Friday, December 28, 2012

Small Town PR

I live in a small town with an in-town population around 9,000. Out laying area, about 45,000. We have the best small town newspaper. I know not only because I read it, but because I worked there for 15 years. I still work for the same newspaper company but in another location. The newspaper office will always feel like home and family to me. Working there made me feel like part of the history and current events of the area. It has come to be such a part of my life that several of my WIPs include a small town newspaper. When I shared with my friends that I had a published book they wanted to do a story. And what a great story they did. I really appreciate it. Here is the story:

[Local] author publishes romance novel

Curtesy The Record-Courier 12/26/12

by Caryn Haller

  After writing her first five-page novel at age
12, Gardnerville resident Christy Olesen put
her writing on hold to pursue a career in
graphic arts.
  Almost five decades later, the 61-year-old recently
published the 200-page romance novel
“Her Scottish CEO.”
  “They say, ‘Write what you know,’ and I
know about painting in Scotland,” Olesen said.
“When the scenario of this story idea ran
through my head I started writing it, then the
characters took over. I enjoyed revisiting Scotland
as I did my online research for this book.”
  “Her Scottish CEO” is about American artist
Marcie Winters who puts her hopes on a job
that takes her to Scotland. Once there, she
meets cocky photographer Greg McInnis who
needs a brilliant artist for a project that will
prove he can handle a desk job at his family’s
publishing business.
  “I’ve always had scenarios running through
my head and several years ago I started writing
them down. It’s a creative process that sort of
takes on a life of its own,” Olesen said. “This is
a romance and romance readers read romance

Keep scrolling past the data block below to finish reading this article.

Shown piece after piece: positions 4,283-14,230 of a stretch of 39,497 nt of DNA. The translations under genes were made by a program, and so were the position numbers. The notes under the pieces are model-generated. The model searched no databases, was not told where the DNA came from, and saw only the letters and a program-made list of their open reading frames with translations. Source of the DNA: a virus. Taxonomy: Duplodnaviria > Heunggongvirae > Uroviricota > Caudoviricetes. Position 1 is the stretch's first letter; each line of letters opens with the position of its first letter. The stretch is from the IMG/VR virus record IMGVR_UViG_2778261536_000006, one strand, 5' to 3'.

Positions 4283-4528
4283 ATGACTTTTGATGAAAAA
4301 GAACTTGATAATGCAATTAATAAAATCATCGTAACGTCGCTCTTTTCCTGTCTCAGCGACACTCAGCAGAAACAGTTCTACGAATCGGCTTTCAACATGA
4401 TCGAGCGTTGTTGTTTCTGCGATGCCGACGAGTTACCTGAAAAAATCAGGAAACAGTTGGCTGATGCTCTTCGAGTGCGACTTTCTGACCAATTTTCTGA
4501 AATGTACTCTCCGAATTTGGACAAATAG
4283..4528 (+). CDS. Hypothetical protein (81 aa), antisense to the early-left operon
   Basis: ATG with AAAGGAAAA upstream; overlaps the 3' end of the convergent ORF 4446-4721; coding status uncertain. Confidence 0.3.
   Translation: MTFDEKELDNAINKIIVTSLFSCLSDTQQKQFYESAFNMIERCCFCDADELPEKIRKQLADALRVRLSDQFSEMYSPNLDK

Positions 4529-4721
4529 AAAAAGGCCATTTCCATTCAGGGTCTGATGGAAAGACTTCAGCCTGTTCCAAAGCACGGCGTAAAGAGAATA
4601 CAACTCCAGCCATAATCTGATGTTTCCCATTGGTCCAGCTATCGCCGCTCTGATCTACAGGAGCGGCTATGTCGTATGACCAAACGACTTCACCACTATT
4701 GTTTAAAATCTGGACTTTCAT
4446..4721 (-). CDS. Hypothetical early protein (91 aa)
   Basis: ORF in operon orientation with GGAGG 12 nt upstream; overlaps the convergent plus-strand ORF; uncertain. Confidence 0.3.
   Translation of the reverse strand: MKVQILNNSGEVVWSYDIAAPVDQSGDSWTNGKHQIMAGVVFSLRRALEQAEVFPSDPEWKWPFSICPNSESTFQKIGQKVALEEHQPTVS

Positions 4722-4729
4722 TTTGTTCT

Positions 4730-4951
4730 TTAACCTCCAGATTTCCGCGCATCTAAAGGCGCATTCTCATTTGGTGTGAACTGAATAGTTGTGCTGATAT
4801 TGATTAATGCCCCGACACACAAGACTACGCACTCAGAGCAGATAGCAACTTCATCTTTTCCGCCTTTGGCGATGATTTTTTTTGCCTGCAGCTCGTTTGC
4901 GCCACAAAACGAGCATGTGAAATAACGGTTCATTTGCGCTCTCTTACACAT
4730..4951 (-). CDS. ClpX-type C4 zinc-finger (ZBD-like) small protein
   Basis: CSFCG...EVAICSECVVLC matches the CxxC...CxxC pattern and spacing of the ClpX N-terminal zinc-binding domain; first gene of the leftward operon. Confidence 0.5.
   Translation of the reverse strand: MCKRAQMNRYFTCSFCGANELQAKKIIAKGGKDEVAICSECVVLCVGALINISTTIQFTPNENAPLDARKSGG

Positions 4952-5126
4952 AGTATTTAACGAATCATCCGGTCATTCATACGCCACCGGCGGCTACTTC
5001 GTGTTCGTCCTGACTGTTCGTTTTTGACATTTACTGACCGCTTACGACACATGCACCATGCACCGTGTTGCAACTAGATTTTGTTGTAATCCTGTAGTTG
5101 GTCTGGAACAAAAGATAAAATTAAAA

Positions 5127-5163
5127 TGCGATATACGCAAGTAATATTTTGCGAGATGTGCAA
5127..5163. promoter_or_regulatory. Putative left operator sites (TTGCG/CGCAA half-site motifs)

because they know there will be a happy ending.
A romance gives the reader hope, respite
from the difficulties of life. A reader knows the
hero and heroine will get together in the end,
what they read it for is to find out how the
hero and heroine overcome the obstacles and
conflicts that initially keep them apart.”
  Olesen took creative writing in high school,
but in college she concentrated on visual arts,
earning a degree in graphic arts.
  While Olesen has worked as an ad designer
for Sierra Nevada Media Group for many years,
she has also worked in watercolor for more
than 30 years.
  “At one point I was accepted into a prestigious
transparent watercolor exhibition,” she
said. “I’ve always considered myself an illustrator
as opposed to a gallery artist and I’ve done
many freelance illustration jobs.”
  Olesen used her watercolor illustrations intended
for a separate project in her romance
  “I did the illustrations for another project,
which I call, ‘A Watercolor Journey.’ I spent a
month in Scotland several years ago painting
along the Caledonian Canal from Oban on the
West coast to Inverness on the East coast, including
Loch Ness,” she said. “I had two editors
interested in that project, but neither offer
went through. I felt the illustrations would add
an extra dimension to this book.”
  “Her Scottish CEO” took about six weeks to
complete the rough draft, however, after putting
it on hold to work on other manuscripts
the book wasn’t completed for another two
  “It’s a good thing to put it down and step
away for awhile, then come back to it with
fresh eyes,” she said. “But to give a time line, I
started this book in 2008 and sent it out to the
first publisher in 2010.”
  The ebook edition was published in November,
and the trade paperback was published
Dec. 14, by Indie-Pendent Publishing Co.
  “I see writing like painting. The first draft is
the under painting, then I go in and work on
the details,” Olesen said. “With a painting I can
see the entire image at once and spot what
needs clarifying. It’s more difficult to see the
whole manuscript at once. It involves a lot of
going back, rereading and reworking.”
  Olesen said she enjoys writing by the seat of
her pants, rather than plotting out the storyline
  “I love getting caught up in writing a story.
I’m what’s called a pantster, someone who
writes by the seat of their pants as opposed to a
plotter, someone who spends a lot of time plotting
the story before writing,” she said. “Being a
pantster can cause some plotting difficulties, so
I do more plotting now than I used to. But
writing this way also produces some exciting
surprises I wouldn’t have thought of with a
strict plot to follow.”
  “Her Scottish CEO” is available online at, Amazon, Barnes &
Noble, CreateSpace, or Smashwords.

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